1 September 2013

September Granola

I've always been fascinated with the idea of looking at food as a culture and how, in looking at it that way, you can take inspiration from different regions, diets or even time scales in the case of British Nostalgia baking. Last year, my big favourite was South East Asian food. I still look to the styles of cooking there a lot now, by creating a nutritious Chinese-style stir fry, or picking up some sushi for lunch in town.

At the moment, I am really interested in 'health foods' -raw, vegan and even Paleo. These are focused on eating healthily, naturally and simply. Because of this, they can often be seen as restrictive, which is why I wouldn't look to eating in any of these ways exclusively. This last month, I've been eating as a pescatarian, which I will be blogging about very soon. This, in comparison, was a very relaxed diet as I could eat everything but land meat, and there were times, say when travelling across country to the Bird Fair when finding lunch was pretty damn hard. However, I really love how choosing to eat in this more natural way causes you to be a much more creative chef. Juices are obviously a big one for this, being totally natural, raw and plant based. At York Station's Filmore and Union, they make the most delicious juices, and I am starting to look into getting one of my own.

So when I found out that Belle Gibson who I follow on Instagram, was launching a new app, The Whole Pantry, I was pretty stoked. The app features wholefood recipes and 'Lifestyle and Wellness guides'. It is especially good for anyone looking for healthier snacks, and all the recipes, I believe, are vegetarian and gluten free.
When yesterday, I decided to stock up on a breakfast staple of mine -granola -I looked to The Whole Pantry for ideas. Belle's recipe didn't include any oats at all, which I though was an impressive use of ingredients. My granola ended up quite different due to the ingredients that I had to hand, but I loved some of the methods and flavours in this. The use of coconut oil rather than butter or sunflower oil is one that I will be using all the time now, and having a splash of vanilla essence gave my mix a floral undertone that made me think of the scents of late summer. You can play around with this as much as you like too; just stick roughly to the ratios of dry to wet ingredients for optimum results. I've used cup measurements for this, as it seemed to be much easier for the recipe.

September Granola
  • Two cups of rolled oats OR flaked coconut.
  • 1-1.5 cups of mixed seeds. I used pumpkin, sunflower and sesame.
  • 1 cup coarsely chopped nuts such as pecan, almond, walnut or hazelnut.
  • 3 tbsp honey, agave syrup or malt rice syrup.
  • 2 heaped tbsp (1/4 cup) coconut oil, melted.
  • 1/2 tsp seasalt flakes (optional)
  • 1 tsp vanilla extract
  • 2 tsp cinnamon
  • Ginger: 2cm cubed fresh grated, or 1 tsp dried.
Preheat the oven to gas mark one / 125'C.
Simply mix all the ingredients together, and tip on two lined trays. Pop them in the oven, ideally both on the same mid-low shelf, and bake for 30 minutes, turning once. For a crunchier bake, which I prefer, leave for forty, but keep checking it. The granola will catch quite quickly, so make sure that you're keeping half an eye out on it.

 Toppings inspiration anyone? Plums or apricots and figs -perfect fruit for the summer-autumn season.

22 August 2013

Bird Fair 2013

I needn't of had any worry of a dull summer, because these last few weeks have been simply non stop. I think that this coming Saturday will be my first day not to have something or another going on, and I'm not sure what to do with myself -though no doubt I will end up on the laptop getting some extra summer work and research in...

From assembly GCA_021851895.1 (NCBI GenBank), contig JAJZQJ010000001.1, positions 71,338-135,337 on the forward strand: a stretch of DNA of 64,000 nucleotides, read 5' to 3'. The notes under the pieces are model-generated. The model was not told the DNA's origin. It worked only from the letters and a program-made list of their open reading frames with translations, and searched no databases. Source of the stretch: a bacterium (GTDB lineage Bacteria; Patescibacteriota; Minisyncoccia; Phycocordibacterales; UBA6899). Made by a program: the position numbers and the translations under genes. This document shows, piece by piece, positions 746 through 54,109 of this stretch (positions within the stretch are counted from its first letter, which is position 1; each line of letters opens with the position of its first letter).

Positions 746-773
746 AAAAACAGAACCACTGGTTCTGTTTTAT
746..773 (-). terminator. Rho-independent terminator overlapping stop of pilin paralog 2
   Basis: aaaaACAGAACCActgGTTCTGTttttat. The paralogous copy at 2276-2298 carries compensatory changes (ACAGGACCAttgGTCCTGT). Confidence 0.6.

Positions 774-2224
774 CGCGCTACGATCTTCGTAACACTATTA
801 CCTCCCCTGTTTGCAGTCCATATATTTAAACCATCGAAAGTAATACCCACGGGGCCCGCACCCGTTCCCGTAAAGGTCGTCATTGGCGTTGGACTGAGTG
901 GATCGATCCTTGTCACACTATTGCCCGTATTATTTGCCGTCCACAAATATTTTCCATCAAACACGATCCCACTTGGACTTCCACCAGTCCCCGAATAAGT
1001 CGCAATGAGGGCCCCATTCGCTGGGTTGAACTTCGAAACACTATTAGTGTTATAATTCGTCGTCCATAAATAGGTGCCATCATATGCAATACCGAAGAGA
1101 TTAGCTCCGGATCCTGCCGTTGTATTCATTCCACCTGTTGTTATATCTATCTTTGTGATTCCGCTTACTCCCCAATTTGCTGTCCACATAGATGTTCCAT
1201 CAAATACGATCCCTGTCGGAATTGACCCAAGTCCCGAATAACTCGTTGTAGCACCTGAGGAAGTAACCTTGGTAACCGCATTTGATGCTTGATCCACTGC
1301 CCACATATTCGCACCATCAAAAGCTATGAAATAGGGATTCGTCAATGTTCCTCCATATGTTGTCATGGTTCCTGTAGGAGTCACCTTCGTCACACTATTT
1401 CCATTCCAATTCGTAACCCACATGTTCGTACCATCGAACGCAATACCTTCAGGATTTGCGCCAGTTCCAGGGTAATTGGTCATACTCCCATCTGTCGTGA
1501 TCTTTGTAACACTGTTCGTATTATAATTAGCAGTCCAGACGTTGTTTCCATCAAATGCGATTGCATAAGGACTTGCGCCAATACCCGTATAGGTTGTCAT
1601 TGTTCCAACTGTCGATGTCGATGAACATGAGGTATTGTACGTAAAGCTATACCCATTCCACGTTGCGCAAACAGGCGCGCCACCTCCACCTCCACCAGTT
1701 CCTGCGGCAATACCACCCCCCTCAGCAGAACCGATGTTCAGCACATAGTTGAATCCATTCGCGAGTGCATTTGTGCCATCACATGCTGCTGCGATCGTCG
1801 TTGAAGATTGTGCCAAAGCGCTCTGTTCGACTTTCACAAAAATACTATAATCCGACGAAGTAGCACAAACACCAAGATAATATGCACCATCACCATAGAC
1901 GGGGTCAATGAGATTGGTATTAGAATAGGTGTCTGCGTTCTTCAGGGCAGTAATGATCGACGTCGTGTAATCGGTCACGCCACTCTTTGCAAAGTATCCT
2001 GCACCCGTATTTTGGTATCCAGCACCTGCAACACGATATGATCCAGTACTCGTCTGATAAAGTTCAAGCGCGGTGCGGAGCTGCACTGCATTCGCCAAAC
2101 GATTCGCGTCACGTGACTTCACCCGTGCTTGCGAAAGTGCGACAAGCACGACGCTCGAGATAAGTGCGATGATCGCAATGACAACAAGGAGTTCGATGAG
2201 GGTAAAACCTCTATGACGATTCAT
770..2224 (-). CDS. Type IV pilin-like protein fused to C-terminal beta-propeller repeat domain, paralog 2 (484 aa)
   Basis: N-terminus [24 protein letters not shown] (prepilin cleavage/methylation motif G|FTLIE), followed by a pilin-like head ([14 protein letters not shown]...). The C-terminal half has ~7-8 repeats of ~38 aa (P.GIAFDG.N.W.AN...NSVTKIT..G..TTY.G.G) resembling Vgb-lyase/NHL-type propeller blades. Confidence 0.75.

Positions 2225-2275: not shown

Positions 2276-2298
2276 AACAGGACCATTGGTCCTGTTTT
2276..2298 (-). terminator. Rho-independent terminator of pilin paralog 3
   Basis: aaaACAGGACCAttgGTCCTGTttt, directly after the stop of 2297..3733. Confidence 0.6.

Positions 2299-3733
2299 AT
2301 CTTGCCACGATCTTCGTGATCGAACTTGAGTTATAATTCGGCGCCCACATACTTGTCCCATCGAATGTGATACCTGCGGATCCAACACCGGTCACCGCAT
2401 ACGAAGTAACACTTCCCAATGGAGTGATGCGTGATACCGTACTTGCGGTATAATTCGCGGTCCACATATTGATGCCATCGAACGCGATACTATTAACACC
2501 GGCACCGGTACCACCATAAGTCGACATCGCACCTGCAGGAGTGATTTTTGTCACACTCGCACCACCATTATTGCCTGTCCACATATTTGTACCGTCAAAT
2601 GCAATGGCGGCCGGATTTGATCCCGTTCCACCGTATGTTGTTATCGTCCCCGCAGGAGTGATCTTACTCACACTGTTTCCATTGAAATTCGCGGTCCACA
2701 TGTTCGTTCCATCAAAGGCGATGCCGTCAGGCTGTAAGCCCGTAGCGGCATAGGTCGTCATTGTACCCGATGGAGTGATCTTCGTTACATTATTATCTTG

This last weekend, I headed down to Rutland Water to volunteer on the RSPB Phoenix and Wildlife Explorers stand at the annual Bird Fair, which has just celebrated it's 25th year. I always enjoy working as an exhibitor here as it makes you feel almost on par with well known environmentalists and television presenters, like Simon King, Bill Oddie and Nick Baker; who's long-suffering relationship with the Phoenix Forum reached comical heights after this year's photo contest...

 I love working here; it is a privilege to spend the weekend alongside people with similar passions to you. And I always learn so much -like seriously, I can barely see that bird/dragonfly/moth and you've already identified it right down to it's age and gender? Wow. It does inspire you to learn more though; to understand what it is you are working to protect and conserve.

I love the variety of companies and people at the fair -from well-known conservation brands like the RSPB to wildlife holidays across the globe, to local charities and reserves. I feel like the name Bird Fair no longer fully covers the range of stands that one can expect to find, with artwork marquee's, protection groups for insects and mammals, and some eye-wateringly  gorgeous, but expensive, camera equipment. Compared to the same scale of the Bird Fair's origins, this growth is impressive -it has even been dubbed the Glastonbury of the natural world. Just, shh, don't disturb the wildlife..!

The Bird Fair is located on the beautiful Rutland Water reserve and has always been a haven for wildlife. The current favourite animal to come and see here is the Osprey, a bird of prey which Rutland has breeding here. I think on a short morning walk we picked out some 77 species of birds and insects; and the crazy thing is, is that when walking out in the countryside, you're potentially walking past numbers like that every day.
Closing in on a hare. I was so close it was unreal. I could of probably got even closer for a better shot, but I didn't want to spook it further, so I took my shot and backed off quietly.
For more information on the RSPB, head over to the website. If you are under 18, are interested in wildlife, debate or just want to know what on earth that strange creature in your garden is, pop over to the Phoenix Official's page on Facebook.

14 August 2013

Turkey #3 Boat Trips and diving

One thing that I knew that I wanted to get out of my holiday was being busy. I booked myself six days unlimited sailing and windsurfing, and spent a few evenings practising yoga with the most incredibly talented, flexible teacher, Monica. She could see our bodies' limits with a glance, and helped everyone attending to get the best possible benefit from each pose.